Deep in the tangled rainforests of Guatemala and the Yucatan, the Maya made some of the greatest contributions to world architecture. Their stone cities complete with temples, palaces, tombs, and ball courts are fitting monuments to the complex, and highly sophisticated civilization that existed in these regions many centuries before the arrival of the Spanish. Mayan priest-astronomers made elaborate calculations to catalog the passage of time. Great warrior kings immortalized themselves and their deeds on stelae, recording for future generations the contributions they had made toward maintaining the cosmic order. The Maya were the only Pre-Columbian people to ever have invented a complete system of writing. Their glyphs, only recently translated, reveal a people concerned above all with the maintenance of a grand cosmic order. It was an order that was based upon cycles of time - the reason for the high elaboration of the Mayan calendar - and everything in Mayan society, from the bloody sacrifices performed by their kings, to the great cities deep in the jungle, served as a physical representation of this order.
As in many cultures around the world, the site chosen for the construction of a sacred building was often as important as the building itself. In Israel, the Dome of the Rock is built on the Temple Mount, and in Europe, many churches are to be found in locales that have strong pagan associations. Of course, in these cases, the original sacral import of the site has been forgotten, and the site, while retaining its original importance as a focus of ritual, is now associated with beliefs and practices different from those originally connected to the particular spot. The Maya however, in the long centuries of their existence as an independent people, maintained their basic world-view. The many "lost cities" that first re-emerged from the rainforest at the hands of Western archeologists in the Nineteenth Century show a continuity of purpose and even of general style that is in many ways unique to the Mesoamerican experience. Many of the impressive temples that we see today are in fact superimposed on earlier structures. The present temples literally enclose earlier structures, entirely surrounding them as does each successively larger Russian doll - break open one, and you find a smaller one inside. This "building upon the past" is a feature not only of specific structures, but also of entire cities. Take for example the Acropolis at Copan. Here, adobe buildings survive beneath the later layers of construction. The purpose of these buildings, and their arrangement represent an earlier, and technologically more primitive version of the later city. It is as if we were to find another and earlier Rome or London beneath the present-day cities, the sites of the modern public building churches, schools, and so forth - everything considered essential to the proper functioning of society - occupied by rudimentary versions of those structures currently to be found at each location.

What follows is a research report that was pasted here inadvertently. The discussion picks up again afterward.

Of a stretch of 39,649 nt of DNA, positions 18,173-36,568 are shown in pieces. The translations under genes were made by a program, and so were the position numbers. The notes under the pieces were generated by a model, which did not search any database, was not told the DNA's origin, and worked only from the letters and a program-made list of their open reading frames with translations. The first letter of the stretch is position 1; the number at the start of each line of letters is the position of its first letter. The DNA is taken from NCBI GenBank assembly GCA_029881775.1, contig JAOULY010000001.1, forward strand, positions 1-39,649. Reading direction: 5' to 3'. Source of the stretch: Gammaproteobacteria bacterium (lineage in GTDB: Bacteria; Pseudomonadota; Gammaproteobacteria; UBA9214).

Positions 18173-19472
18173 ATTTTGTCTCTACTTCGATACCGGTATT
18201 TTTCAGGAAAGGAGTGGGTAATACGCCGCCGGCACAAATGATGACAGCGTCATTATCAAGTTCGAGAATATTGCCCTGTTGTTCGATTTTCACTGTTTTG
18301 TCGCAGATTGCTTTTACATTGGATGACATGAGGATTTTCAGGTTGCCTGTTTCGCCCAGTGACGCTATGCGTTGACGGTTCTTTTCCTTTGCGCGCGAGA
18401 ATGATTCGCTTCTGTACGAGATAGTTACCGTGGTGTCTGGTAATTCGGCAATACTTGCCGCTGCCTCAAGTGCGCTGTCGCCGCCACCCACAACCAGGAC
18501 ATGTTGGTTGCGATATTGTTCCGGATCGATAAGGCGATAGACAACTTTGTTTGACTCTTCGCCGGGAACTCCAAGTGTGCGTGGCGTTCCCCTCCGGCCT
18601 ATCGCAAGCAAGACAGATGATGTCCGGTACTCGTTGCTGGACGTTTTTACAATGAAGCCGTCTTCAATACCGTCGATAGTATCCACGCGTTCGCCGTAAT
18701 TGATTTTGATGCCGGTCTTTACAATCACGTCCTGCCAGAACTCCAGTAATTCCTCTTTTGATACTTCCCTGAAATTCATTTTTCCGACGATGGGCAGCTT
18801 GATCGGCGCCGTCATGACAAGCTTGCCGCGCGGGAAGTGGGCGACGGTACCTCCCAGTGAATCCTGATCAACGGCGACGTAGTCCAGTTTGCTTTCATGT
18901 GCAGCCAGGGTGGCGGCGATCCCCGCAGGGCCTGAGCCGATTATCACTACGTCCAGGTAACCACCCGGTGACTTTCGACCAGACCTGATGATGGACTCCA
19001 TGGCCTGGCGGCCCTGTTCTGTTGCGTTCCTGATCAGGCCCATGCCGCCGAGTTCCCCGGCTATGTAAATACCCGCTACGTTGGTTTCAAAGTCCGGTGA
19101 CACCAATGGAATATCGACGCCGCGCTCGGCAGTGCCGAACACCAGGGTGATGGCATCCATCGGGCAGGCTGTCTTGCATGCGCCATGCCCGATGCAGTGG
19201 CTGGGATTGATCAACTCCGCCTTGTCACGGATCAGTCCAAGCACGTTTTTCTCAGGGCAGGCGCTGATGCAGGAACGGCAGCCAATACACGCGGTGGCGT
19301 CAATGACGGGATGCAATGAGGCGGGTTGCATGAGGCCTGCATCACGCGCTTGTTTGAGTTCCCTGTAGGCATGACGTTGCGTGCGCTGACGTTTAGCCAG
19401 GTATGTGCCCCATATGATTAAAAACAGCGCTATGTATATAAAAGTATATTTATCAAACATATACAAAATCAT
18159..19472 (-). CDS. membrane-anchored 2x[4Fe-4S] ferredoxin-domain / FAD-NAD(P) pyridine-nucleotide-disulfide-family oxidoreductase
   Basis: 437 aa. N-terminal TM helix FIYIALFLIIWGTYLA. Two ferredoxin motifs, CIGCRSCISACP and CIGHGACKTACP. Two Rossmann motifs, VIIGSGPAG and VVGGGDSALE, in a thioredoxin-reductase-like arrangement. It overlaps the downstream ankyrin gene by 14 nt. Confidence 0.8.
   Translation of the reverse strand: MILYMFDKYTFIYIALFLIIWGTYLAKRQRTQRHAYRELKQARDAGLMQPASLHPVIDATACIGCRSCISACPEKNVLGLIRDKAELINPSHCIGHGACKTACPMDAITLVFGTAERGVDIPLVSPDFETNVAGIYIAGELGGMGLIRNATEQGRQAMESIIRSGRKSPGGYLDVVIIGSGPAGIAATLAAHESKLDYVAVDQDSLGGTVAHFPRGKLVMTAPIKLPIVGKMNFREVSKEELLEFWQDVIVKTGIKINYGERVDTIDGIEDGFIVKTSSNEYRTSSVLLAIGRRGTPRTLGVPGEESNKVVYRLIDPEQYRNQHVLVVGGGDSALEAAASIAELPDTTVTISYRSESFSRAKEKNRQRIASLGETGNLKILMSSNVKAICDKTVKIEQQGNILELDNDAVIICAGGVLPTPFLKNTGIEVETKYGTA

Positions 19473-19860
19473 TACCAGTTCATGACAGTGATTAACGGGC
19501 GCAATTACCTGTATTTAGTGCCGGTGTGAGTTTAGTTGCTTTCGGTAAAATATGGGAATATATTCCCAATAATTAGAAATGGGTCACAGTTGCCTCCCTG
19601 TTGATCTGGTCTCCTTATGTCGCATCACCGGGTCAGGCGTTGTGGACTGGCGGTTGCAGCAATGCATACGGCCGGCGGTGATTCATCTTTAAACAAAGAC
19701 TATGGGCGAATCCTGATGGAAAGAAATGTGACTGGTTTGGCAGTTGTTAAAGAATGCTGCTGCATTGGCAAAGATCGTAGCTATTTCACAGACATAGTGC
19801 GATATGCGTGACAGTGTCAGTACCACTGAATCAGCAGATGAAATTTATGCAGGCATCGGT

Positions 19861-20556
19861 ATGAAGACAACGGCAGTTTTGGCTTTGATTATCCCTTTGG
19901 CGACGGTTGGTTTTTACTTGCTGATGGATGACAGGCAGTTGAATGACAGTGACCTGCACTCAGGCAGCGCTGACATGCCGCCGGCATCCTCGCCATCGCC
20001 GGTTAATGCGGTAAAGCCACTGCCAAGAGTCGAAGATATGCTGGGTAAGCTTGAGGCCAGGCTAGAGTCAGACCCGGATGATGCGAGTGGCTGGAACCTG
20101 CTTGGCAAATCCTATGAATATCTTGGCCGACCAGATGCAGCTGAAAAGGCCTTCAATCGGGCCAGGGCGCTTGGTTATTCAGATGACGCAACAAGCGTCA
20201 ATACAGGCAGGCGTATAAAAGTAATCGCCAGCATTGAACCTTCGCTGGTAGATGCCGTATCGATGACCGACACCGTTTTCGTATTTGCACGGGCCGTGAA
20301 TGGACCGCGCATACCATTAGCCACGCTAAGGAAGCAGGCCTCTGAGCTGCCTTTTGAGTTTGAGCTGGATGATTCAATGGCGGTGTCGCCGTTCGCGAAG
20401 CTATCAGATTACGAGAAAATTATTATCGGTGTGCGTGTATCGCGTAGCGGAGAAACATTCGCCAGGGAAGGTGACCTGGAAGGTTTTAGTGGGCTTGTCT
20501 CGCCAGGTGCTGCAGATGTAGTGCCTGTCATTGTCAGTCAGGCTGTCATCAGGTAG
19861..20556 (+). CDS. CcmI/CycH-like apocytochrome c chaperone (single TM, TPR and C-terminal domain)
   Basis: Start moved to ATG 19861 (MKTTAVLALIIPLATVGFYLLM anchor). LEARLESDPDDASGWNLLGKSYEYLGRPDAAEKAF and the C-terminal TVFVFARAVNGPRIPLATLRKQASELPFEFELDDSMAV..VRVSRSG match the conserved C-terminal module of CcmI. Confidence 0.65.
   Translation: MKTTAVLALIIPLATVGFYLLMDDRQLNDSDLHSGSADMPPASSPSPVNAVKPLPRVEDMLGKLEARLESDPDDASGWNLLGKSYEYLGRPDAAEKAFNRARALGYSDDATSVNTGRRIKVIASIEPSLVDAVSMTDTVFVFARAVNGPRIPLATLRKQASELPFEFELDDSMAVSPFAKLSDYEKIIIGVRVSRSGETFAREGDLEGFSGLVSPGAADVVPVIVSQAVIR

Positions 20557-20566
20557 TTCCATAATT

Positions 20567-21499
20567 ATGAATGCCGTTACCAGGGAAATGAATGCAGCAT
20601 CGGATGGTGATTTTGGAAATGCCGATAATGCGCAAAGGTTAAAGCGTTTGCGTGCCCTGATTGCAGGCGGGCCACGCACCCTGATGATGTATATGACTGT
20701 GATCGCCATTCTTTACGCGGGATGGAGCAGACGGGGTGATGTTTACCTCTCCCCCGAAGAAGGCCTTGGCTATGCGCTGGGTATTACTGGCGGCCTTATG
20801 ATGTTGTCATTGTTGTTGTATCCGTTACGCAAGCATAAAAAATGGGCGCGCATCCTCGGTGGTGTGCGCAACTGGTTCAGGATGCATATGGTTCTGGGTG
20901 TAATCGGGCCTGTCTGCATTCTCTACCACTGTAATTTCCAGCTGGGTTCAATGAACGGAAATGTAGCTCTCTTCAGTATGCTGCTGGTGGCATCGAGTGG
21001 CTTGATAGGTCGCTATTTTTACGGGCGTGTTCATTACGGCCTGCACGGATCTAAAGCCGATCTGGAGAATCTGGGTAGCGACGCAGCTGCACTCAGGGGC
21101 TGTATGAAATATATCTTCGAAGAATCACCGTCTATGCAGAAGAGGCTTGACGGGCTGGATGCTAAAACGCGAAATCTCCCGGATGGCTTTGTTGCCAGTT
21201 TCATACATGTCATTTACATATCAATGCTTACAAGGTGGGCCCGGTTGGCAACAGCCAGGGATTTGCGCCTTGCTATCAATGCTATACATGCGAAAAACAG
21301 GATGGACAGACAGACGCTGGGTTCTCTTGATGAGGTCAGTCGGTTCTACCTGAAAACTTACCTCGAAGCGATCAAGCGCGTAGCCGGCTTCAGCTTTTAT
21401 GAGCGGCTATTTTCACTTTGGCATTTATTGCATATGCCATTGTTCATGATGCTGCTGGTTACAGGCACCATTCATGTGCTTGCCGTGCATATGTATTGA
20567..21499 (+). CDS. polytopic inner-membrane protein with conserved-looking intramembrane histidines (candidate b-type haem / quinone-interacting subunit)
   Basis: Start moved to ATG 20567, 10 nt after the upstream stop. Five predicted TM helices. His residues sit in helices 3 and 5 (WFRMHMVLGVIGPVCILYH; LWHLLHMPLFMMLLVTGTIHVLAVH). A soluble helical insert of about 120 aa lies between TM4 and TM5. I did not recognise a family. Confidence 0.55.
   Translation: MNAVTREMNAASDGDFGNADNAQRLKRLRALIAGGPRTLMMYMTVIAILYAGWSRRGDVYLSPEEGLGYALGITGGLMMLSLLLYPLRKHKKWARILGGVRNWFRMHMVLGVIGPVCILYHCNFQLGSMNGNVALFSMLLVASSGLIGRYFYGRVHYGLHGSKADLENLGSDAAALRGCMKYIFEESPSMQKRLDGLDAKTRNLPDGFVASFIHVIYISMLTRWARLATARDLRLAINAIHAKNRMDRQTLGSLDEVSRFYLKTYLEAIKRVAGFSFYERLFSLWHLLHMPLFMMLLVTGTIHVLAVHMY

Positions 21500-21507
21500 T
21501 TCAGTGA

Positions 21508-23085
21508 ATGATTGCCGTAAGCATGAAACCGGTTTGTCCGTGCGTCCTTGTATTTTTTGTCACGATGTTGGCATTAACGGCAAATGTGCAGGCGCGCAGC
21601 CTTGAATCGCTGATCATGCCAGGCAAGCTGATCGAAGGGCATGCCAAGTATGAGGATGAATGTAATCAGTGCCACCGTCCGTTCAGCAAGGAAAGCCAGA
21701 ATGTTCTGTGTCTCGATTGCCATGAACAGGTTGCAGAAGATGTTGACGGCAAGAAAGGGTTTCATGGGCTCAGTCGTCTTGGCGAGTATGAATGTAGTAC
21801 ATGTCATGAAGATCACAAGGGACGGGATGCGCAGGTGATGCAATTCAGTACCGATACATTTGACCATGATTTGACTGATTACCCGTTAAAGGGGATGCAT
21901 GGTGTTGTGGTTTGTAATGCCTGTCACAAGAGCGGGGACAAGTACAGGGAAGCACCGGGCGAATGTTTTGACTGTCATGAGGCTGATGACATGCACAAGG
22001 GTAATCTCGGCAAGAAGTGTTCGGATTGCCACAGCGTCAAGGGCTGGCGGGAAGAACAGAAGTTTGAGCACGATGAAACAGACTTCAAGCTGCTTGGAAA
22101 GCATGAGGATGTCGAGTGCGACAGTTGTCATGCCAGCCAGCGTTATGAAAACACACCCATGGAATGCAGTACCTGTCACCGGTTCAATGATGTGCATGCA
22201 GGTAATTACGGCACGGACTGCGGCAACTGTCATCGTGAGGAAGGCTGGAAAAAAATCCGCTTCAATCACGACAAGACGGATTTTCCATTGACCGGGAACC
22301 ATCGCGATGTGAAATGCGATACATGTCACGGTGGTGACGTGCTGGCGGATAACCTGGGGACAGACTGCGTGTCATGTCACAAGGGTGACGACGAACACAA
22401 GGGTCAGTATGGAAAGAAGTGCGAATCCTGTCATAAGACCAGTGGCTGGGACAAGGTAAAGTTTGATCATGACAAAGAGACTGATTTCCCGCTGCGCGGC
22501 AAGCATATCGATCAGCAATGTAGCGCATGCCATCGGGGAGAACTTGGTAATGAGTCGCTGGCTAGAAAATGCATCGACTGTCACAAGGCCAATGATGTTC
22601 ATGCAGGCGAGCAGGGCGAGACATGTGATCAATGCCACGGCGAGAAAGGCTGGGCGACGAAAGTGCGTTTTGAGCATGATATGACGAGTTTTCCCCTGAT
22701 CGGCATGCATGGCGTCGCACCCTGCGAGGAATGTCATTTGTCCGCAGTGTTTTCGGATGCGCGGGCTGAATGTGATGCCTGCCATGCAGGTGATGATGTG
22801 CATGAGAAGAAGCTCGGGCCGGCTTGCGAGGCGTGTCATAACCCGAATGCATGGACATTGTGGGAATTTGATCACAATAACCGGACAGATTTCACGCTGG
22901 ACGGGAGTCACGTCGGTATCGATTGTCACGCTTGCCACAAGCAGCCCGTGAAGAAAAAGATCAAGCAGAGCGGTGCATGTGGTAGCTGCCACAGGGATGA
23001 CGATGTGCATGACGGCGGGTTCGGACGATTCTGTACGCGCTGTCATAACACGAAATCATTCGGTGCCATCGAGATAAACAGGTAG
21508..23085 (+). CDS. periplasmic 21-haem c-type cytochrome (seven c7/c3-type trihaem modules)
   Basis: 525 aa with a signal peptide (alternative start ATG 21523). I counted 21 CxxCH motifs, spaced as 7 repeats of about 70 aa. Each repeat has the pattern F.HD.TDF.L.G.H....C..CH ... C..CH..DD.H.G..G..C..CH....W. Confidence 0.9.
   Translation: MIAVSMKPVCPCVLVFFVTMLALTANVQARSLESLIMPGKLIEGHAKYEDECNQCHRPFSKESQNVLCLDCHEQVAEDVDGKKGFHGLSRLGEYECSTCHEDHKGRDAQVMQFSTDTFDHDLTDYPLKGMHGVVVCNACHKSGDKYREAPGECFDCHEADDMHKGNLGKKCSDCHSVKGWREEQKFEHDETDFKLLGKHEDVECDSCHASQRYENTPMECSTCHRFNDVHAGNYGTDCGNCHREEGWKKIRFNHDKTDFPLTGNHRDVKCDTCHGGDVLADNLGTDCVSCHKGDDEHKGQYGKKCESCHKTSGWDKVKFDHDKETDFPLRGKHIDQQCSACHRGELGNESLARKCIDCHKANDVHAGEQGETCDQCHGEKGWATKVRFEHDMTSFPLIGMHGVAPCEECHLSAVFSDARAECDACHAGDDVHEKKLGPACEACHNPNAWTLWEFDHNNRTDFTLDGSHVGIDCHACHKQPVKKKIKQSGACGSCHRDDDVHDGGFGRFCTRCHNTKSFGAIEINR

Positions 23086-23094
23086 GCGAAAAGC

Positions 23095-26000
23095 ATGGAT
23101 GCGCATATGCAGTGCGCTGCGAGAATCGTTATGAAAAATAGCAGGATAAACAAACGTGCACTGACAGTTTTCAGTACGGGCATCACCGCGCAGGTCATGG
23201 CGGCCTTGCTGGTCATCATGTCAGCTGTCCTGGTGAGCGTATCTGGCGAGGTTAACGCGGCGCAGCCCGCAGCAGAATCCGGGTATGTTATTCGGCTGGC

Such continuity at Maya sites is apparent not only in the choice of building location, but as well, in the specific form these structures take. The adobe buildings of primordial Copan are directly ancestral to the later more sophisticated edifices, juveniles to the Classical adults. The Acropolis of Copan was originally a collection of three distinct sacred sites; each with its own set of ceremonial buildings constructed on platforms, and built of earth and cobble.
Like the later and much larger sacred complex, these groups of building served as a focus for the celebration of the ruling royal lineage. Royal residences, temples, and tombs clustered around a central courtyard, represented the focal point of Mayan society. Like the groupings of buildings themselves, the ideal Mayan society fused the worldly and the otherworldly, the past, the present, and the future. Maya kings were their city's high priests as well as its rulers, thus their residences shared the same plot of ground as their temples. The Maya concept of time was also cyclical, with specific periods of time, from small to larger, nesting inside one another, and repeating endlessly until the final end of the world. With such a world-view, there could be no true division between the sacred and the secular, or any separating out of living beings from those who had gone before them, or those who would come afterwards. The royal tombs that occupied the city center were as palaces of the deceased kings who still reigned alongside their living successors.